These two people have nothing in common, one a famous poet and teacher the other a renowned race car driver, except that I was reading first the obituary of Jim Rathmann in the NY Times this morning, and then Bob’s poem “Shame: an Aria.”
Larry was reading to me Jim Rathmann’s obituary over breakfast (vegetable hash–yummy–let me know if you want the recipe). He started racing before he was legally eligible, so used his brother James’ ID. Hence his career as Jim Rathmann, record breaking race car driver, whose given name was “Royal” but whose family name was Dick. It must have been confusing, as his older brother was a decent racer, too. The part Larry read was: “He earned renown in Southern California drag-racing circles, receiving 48 traffic tickets before he was 18 — four during one lunch break.” But my favorite part was the last paragraph of the article. He became friends with the astronauts, and one taught him to fly:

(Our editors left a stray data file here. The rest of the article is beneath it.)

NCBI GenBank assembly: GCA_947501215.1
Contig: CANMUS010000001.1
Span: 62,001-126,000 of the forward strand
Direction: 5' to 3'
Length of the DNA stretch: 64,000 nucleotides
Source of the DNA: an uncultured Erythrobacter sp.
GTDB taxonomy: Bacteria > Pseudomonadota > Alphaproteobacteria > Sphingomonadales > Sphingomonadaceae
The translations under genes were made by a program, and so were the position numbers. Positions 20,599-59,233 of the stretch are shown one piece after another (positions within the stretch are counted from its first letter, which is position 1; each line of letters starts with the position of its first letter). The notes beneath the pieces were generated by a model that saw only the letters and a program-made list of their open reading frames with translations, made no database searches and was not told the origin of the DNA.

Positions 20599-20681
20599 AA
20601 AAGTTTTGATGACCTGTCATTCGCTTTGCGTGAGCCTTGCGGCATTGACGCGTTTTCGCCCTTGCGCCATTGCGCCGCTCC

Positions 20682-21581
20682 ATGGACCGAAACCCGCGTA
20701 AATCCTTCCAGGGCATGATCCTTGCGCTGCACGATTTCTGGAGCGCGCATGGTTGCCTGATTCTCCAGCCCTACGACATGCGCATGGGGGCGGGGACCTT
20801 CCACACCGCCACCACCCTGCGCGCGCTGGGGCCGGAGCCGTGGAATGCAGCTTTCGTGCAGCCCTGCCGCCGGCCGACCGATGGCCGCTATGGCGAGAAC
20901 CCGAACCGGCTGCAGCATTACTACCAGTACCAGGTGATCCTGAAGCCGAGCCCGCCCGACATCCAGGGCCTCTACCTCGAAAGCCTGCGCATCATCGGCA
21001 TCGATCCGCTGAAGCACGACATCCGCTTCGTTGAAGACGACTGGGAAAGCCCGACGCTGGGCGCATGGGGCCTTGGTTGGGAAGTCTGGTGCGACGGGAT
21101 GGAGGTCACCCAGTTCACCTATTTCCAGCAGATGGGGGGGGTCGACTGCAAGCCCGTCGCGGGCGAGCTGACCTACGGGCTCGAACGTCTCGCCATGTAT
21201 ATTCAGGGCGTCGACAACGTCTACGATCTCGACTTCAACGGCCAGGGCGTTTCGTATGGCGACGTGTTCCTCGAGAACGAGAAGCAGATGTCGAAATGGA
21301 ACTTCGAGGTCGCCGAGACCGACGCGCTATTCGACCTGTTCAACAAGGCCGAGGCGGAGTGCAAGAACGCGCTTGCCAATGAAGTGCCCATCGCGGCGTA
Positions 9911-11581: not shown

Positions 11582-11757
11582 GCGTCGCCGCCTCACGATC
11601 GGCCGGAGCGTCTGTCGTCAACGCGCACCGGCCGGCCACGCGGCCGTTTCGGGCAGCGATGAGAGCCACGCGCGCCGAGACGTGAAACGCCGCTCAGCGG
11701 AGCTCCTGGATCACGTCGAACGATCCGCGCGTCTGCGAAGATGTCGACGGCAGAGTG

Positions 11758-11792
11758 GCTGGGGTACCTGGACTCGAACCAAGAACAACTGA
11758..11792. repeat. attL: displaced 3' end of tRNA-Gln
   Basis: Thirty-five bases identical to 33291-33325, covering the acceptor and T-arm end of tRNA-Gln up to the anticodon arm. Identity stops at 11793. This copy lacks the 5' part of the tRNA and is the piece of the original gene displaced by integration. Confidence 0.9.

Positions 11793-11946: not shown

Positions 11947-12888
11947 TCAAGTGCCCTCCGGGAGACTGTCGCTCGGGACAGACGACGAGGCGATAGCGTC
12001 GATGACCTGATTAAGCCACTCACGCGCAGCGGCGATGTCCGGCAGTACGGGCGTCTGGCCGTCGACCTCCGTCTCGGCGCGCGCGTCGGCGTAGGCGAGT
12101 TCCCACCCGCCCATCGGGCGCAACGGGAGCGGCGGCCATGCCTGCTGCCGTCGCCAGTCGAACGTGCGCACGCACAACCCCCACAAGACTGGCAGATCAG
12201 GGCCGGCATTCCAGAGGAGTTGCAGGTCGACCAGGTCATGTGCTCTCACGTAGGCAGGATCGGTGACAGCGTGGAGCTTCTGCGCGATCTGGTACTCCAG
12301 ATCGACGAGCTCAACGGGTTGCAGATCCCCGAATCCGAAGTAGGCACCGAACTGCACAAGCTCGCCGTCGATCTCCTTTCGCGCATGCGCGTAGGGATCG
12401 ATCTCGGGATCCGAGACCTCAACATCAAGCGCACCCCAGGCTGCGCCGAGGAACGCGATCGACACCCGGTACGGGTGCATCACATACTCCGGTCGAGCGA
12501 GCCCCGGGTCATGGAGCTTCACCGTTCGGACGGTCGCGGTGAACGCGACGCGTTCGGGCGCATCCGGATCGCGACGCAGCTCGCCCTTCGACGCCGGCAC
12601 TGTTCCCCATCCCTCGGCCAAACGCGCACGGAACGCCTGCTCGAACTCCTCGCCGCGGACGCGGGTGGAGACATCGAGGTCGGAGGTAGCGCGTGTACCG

Gordon Cooper, one of the original members of NASA’s Mercury program, told him never to fly under a seagull lest the bird excrete on the plane. Rathmann made the mistake of laughing.
Colonel Cooper proceeded to prove his point, flying so low under a flock of gulls that a terrified Rathmann could hear the propellers cutting marsh grass. On landing, Cooper jumped from the plane and pointed to the spattered roof.
“I told you,” he said. Continue reading “Bob Hass and Jim (Royal Dick) Rathmann”